Towards ever more inclusive tourism. The Foundation leads the GATE Project

Doors open. Indeed wide open. Over the coming three years the UNESCO Dolomites Foundation will be coordinating the Gate project. This involves a number of partners, such as the Cooperativa sociale Independent L cooperative, the Municipality of Santorso, the Alpago CAI (Italian Alpine Club), the University of Innsbruck and Salzburg Research, contributing to making tourism in the Dolomites ever more inclusive. The main aim of this cross-border project, Interreg V A Italy-Austria, is to enable a growing number of people to enjoy the natural Alpine and Pre-Alpine environments, regardless of environmental, physical and linguistic obstacles. This aim coincides with some of the strategies set out by the Foundation and its own “Accessible Dolomites” project has also demonstrated the organisation’s commitment to inclusivity.


“GATE”, or doors open to everyone

Project Gate however, has an even wider-ranging approach in that it aims to bring together local and regional governments, private individuals and research bodies to work towards making tourism inclusive rather than just the prerogative of certain Alpine areas, seeking to expand this industry so that it becomes the leading asset of the entire Alpine area.

This project creates the opportunity to extend the range of tourist options on offer, promoting an experiential approach in which people see, listen to and touch the mountains, breathing them in and, naturally, tasting them.

from theory to practice….

Well then, were to start? As always, first of all it is necessary to agree on the guidelines to be adopted and the languages to be used in order to promote barrier-free tourism uniformly. It would indeed be paradoxical if this attempt itself encountered “barriers” in means and instruments too widely different from one another to be compatible.

Once these guidelines have been defined, the attention can turn, for example, to e-tourism platforms, designing written, spoken, multi-media and tactile means appropriate for each individual area.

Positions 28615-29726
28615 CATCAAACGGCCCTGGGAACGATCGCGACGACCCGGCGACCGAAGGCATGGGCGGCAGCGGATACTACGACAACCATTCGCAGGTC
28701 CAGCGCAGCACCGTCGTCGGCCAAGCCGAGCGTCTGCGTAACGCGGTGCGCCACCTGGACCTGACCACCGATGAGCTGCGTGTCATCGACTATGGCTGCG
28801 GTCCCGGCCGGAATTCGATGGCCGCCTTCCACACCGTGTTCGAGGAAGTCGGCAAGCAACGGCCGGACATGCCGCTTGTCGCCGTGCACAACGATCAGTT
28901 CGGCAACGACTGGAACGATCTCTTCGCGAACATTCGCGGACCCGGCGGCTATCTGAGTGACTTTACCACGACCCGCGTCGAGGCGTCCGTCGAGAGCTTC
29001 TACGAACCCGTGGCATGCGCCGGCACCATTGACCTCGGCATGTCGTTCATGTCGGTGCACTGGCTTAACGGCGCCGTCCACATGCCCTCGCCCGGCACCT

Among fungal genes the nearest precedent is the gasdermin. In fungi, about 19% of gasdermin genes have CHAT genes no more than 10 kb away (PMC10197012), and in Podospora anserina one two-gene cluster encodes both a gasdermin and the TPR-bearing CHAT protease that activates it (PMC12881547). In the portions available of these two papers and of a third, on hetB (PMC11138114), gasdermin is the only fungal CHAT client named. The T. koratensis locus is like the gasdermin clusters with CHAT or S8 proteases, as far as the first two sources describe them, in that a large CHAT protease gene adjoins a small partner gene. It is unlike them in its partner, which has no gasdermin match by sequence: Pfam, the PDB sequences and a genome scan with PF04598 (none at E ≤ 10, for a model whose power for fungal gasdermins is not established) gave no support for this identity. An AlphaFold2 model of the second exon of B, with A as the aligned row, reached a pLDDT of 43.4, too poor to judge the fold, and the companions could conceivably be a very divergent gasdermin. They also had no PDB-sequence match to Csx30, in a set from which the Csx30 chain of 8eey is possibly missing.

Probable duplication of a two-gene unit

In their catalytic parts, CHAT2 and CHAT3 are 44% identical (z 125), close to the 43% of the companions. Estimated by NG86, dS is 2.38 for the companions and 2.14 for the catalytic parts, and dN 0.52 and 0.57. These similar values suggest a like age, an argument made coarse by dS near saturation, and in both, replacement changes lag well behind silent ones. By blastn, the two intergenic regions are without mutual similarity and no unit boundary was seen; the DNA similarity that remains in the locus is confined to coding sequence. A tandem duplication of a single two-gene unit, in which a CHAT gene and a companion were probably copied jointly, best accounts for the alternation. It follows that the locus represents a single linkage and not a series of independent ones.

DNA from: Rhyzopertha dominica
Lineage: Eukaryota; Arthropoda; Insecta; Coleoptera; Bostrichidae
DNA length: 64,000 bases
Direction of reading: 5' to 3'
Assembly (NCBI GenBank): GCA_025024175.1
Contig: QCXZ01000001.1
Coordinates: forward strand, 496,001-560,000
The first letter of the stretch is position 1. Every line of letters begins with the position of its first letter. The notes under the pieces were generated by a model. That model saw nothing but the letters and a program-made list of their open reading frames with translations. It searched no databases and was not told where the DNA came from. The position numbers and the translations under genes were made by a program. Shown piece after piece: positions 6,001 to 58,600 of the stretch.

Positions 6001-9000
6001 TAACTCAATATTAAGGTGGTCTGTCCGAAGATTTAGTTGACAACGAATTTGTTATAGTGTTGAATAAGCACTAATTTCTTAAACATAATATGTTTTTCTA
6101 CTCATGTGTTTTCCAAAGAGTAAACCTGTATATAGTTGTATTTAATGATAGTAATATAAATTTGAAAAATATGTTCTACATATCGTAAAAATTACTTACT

Accessibility is both a right and an opportunity to expand the range of tourist experiences, something that, in some areas, has already been achieved in practical and efficient ways. What is lacking however, is a shared project that works uniformly, including across frontiers. Moreover, ideally those who have already developed good practice should be seated at the same work table as those who are in the process of establishing this in their own area. Common operating languages in a multilingual context are of prime importance.

This provides added value both for those who are active in this process and also of course for the tourists who can visit the various holiday destinations and find easily understandable multi-sensory information.

The role of the Foundation

The UNESCO Dolomites Foundation coordinates and aids the involvement of interested people and entities and it takes care of the administrative aspects of the project.

Another essential task is communication, from printing informative material to providing online content and producing promotional videos in order to spread the word about the work done and to encourage good practice in every field.